Paul Lemos: There is a very potent noise scene in the US these days. I’m goodfriends with Dominck (Prurient) and I think Wolf Eyes has really comeinto their own over time. The last record was very strong, but I preferthe more chaotic/free experimenters like Fat Worm of Error, LightningBolt, Hair Police, Air Conditioning, groups that combine full bandinstrumentation with total fucking overload. Straight up noise doesn’texcite me much anymore as, generally, I find it kind of boring and one-dimensional… and that goes for the noise stuff I have made as well.Years ago Merzbow and Masonna did it as well as it’s going to be done.Still, I think it’s great that a whole new generation of kids is justnow becoming aware of the genre.
Chain D.L.K.: You keep on going your way, producing something new again. Why did you move to free / improv / experimental jazz now? Is it just to jump toa new extreme or a new challenge for you?
Paul Lemos: I was so bored making music that I was ready to quit a couple of yearsafter we made “The Poisoner” and “Gilded Shadows”, the two records thatI feel were the best we had to offer. I was just creatively tapped out.At the time I was discovering a deep love for free music that I hadn’tlistened to for a very long time, stuff like The Godz, Fugs, CecilTaylor… Soon Joe and I started to meet and jam for hours, him on drumsand me playing guitar, with no intention of recording…Over time we became fairly obsessed with improvisation and startedrecording for the sheer fun of it; there was no intention of issuing anyof the stuff until we spoke to David Katznelson at Birdman who was a bigControlled Bleeding fan back in the day and wanted to do a record…thus “The Breastfed Yak” was born. I really love that record, but itseems no one else much cared for it! I suppose this stuff was asliberating for us as the early noise was. At times no holds barredchaos… music without rules that could become as extreme possible. Andit was great fun, which has been a rare experience for me.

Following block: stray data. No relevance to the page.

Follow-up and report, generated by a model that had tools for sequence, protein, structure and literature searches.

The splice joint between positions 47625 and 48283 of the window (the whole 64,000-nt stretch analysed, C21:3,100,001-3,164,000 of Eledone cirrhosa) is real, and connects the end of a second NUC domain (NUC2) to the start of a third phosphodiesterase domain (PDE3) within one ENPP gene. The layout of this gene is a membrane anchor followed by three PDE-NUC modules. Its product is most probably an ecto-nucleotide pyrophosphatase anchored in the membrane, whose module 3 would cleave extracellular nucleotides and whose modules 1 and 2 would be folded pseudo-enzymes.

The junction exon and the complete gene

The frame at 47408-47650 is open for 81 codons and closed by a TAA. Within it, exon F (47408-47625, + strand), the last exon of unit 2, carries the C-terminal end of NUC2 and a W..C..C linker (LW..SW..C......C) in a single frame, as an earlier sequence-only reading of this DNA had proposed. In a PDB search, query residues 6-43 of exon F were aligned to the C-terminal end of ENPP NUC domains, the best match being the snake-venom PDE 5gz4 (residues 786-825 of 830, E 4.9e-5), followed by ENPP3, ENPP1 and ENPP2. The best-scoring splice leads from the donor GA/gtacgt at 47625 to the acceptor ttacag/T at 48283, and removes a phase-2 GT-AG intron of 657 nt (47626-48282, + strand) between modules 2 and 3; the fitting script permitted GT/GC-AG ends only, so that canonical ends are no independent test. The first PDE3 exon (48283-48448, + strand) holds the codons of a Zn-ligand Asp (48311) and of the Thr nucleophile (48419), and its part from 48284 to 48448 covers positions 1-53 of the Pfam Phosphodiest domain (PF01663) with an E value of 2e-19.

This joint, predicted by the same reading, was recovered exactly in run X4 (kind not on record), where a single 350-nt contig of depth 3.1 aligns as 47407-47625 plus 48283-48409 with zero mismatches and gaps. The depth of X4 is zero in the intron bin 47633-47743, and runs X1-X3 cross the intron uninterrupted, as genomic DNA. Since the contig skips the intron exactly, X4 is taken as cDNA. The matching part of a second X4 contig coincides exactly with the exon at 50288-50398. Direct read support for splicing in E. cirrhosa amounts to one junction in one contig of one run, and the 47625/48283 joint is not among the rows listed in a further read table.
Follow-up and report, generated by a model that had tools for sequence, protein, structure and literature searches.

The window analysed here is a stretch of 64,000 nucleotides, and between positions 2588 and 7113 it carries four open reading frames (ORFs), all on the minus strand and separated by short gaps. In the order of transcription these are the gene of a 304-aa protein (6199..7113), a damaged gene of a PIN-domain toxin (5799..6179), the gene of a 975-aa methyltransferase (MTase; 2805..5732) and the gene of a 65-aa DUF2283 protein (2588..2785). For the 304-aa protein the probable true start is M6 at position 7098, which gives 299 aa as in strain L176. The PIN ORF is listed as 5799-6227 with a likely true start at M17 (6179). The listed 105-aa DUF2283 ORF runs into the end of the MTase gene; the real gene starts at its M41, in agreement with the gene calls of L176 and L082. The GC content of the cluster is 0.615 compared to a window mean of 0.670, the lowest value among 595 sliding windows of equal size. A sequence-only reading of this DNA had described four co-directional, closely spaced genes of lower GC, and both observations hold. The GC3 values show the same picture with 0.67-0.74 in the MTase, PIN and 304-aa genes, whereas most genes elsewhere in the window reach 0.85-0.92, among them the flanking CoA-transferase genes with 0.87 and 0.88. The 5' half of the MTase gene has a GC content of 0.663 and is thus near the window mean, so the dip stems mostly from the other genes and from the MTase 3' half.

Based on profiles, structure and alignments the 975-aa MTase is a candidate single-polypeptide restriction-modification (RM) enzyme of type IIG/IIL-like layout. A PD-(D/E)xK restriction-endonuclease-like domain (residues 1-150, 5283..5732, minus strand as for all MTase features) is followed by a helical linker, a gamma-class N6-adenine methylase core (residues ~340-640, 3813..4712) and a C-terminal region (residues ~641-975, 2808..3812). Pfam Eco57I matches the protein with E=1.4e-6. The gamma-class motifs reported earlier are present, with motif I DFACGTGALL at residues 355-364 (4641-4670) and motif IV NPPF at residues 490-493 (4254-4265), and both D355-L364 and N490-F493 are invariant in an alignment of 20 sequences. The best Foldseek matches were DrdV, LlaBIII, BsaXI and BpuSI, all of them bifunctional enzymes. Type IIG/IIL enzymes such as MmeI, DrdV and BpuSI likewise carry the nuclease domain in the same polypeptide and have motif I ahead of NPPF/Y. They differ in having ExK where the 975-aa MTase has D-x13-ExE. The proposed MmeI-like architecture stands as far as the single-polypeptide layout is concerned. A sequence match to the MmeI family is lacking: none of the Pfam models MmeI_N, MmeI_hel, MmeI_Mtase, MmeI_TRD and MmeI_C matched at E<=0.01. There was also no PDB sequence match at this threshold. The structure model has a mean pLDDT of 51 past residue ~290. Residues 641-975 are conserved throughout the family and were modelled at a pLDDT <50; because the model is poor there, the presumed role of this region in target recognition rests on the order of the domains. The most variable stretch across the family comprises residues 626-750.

Chain D.L.K.: You played a lot of different genres, covering almost all the potentialrange of music, except maybe acoustic. I don’t see yousinging alone or with Joe sitting on a chair in a theatre and holdingjust an acoustic guitar, but… have you ever thought about doing it?
Paul Lemos: You know, I love a lot of English folk, but I don’t really know how toplay an acoustic guitar, except to tear it up, 100 miles per hour up anddown the fret board. I have no subtlety, so folk music is out of thequestion. We just delve into the music that we feel at any given point.It has never consciously been about covering different genres, eventhough we have explored a few with limited success. I still feel theneed to get back to some deep dub, so I am hoping that before we finallybow out, we will make our definitive dub statement.
Visit Paul Lemos on the web at:
Read the Italian version with a in depth discography at:
[interviewed by Matteo Uggeri] [proofreading by Steve Mecca]